In this case, soon after LOSD determined that it could not make up the difference between the funds offered by CSD and the amount necessary to provide services to the Kerr Center children, plaintiffs requested a due process hearing from both LOSD and CSD. They also requested assurances that the children would continue to receive educational services pending the outcome of the hearing. In response, LOSD declined to provide a hearing and informed plaintiffs that it would not provide the educational program for the Kerr Center Children. CSD denied any responsibility for funding beyond what the Oregon Legislature had appropriated.
Under these circumstances, we find that failure to exhaust administrative remedies is not a bar to this action. After plaintiffs were refused a due process hearing, they had no recourse but to seek judicial relief. State defendants nevertheless argue that at this point plaintiffs should have asked the court only to compel an administrative hearing, not to award substantive relief. This argument must be rejected. To begin with, plaintiffs had already taken all measures to secure administrative relief which could reasonably be expected of them. Moreover, further attempts would have proved futile. A hearing before LOSD would have been useless, given that LOSD had already determined that it would not provide the funds necessary for plaintiffs' free appropriate public education. An appeal to the ODE would have been useless as well, since the Department could not provide funds which, under Oregon law, were to be provided by CSD, and which, moreover, the Oregon legislature had not appropriated. In short, the problem posed by the legislature's failure to appropriate sufficient funds is not one which could have been effectively addressed through the administrative process. See Monahan, 645 F.2d at 597.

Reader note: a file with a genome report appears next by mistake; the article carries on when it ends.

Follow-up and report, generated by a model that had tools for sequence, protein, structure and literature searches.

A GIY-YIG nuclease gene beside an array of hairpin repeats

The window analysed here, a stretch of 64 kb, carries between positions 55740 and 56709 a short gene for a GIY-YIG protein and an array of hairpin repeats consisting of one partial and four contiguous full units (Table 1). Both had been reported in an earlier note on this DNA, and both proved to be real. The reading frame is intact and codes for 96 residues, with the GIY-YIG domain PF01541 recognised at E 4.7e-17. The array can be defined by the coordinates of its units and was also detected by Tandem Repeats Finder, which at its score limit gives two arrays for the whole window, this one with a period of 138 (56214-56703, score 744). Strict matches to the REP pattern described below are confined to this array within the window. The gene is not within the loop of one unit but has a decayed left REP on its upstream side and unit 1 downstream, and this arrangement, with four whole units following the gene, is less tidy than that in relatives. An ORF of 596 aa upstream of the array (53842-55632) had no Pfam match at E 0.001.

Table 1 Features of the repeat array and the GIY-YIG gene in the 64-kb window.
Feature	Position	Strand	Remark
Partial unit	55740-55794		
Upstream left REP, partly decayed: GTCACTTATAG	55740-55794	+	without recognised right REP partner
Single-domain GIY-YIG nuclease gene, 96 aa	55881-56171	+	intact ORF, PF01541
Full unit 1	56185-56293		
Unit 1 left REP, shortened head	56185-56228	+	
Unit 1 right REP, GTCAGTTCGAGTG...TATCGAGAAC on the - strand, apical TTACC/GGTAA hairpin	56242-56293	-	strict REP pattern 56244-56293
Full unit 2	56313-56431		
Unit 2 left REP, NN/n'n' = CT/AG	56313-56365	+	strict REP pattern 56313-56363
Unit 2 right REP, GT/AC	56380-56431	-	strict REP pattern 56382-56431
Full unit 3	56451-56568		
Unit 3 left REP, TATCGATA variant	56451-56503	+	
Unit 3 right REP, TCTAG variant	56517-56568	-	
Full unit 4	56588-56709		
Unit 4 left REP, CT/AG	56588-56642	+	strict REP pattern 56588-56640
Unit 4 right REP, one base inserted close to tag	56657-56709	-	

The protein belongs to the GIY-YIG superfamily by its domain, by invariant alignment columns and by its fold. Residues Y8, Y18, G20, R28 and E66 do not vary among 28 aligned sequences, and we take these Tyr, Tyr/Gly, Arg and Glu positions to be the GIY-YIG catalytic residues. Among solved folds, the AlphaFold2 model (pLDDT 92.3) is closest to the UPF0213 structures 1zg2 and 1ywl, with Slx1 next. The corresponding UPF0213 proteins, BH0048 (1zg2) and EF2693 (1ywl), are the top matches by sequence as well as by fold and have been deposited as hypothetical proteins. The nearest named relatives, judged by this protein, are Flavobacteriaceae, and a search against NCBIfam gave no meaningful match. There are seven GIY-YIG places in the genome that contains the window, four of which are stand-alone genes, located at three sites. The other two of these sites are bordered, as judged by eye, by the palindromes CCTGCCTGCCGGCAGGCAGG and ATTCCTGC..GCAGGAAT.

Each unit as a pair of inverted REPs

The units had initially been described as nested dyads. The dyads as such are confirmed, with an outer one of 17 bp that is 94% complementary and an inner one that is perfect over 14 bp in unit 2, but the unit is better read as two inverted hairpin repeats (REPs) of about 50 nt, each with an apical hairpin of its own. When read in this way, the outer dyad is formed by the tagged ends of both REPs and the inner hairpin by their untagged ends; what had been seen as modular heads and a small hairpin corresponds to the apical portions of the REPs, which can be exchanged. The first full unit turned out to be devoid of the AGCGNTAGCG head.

C. The Merits
The district court found that the State defendants were in violation of the EAHCA for failing to insure that plaintiffs would receive a free appropriate public education. The State defendants argue that this was error. We conclude that it was not.